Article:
(City of God,” Book 1, Chapter 9)
    It’s so challenging and un-worldly. (That’s not even the line I found most convicting, though.)

    1. Vikki, you wrote an excellent article and it reminds me of my former boss whose eldest son isn’t a believer. It grieves her heart, much like I’m sure Monica must have been grieved by Augustine’s lack of faith. But she perseveres in her faith and hope for her son’s salvation, just as Monica did.

      Love the quote. I haven’t read much of Augustine’s work, other than in college. Perhaps I should try it again. I remember liking the brief bits that I studied, but so much has come and gone in my head since then.

      1. Thank you…

        I feel like so often we Christians feel we need to figure out how to “convince God to save someone,” whereas the secret is that… the Father is kind, and already cares more perfectly about bringing that person to salvation than we do.

        And about Augustine’s writing – I tend to put it down for long periods of time and not pick it up again. But it’s so beautiful.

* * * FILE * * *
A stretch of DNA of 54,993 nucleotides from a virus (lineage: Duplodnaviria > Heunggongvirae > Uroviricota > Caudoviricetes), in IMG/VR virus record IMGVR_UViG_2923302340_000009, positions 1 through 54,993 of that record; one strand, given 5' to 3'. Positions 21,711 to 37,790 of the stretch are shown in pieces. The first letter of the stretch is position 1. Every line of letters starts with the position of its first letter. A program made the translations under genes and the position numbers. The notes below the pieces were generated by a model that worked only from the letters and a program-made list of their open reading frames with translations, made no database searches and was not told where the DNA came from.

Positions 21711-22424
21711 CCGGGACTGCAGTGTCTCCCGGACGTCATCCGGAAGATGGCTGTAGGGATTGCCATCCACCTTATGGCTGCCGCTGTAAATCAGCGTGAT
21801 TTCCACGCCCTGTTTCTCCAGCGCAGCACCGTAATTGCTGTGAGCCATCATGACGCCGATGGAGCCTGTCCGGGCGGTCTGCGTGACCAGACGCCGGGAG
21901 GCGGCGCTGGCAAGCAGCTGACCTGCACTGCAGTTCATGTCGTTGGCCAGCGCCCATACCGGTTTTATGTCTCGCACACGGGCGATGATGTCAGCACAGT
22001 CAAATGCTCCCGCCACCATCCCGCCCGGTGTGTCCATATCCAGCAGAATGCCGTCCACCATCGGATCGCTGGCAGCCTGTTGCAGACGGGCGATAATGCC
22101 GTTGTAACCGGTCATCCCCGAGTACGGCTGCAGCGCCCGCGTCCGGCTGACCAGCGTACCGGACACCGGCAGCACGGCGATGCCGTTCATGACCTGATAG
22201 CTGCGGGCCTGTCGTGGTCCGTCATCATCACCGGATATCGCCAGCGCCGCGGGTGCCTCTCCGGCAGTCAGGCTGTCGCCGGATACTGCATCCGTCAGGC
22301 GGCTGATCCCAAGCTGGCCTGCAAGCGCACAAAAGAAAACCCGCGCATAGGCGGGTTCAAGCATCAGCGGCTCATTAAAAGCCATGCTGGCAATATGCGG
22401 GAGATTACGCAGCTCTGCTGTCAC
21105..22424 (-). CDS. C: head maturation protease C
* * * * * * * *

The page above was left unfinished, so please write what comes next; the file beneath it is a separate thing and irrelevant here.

Come to think of it… I’m in that kind of a place right about.. now!

    2. I LOVE THAT QUOTE.

      I tried reading “City of God” once and only got a couple hundred pages in–but I’ve never forgotten that one quote. I don’t think I ever will forget it. It’s beautiful.

      1. How neat that you strongly remembered and loved that same quote!

        When I read it, it sounded eerily like he’s speaking to convict me, right now today… and yet… so many hundreds of years ago. so many differences through the passing centuries, yet we are so like them.

        -Vikki the super-belated-responder, aka “I write for Femnista because I need someone to give me a deadline!”

    3. Erasmus kind of tried to placate both sides all the time. He’s an interesting figure… he was the fluid force in-between two immobile rocks (Luther, More). He even half-jokingly suggested that the Pope just give Henry a dispensation to have two wives, since that would solve everything.

      Re: that quote — who is Augustine saying is doing the ‘punishing’ — is it God or simply the fallen world in which we live?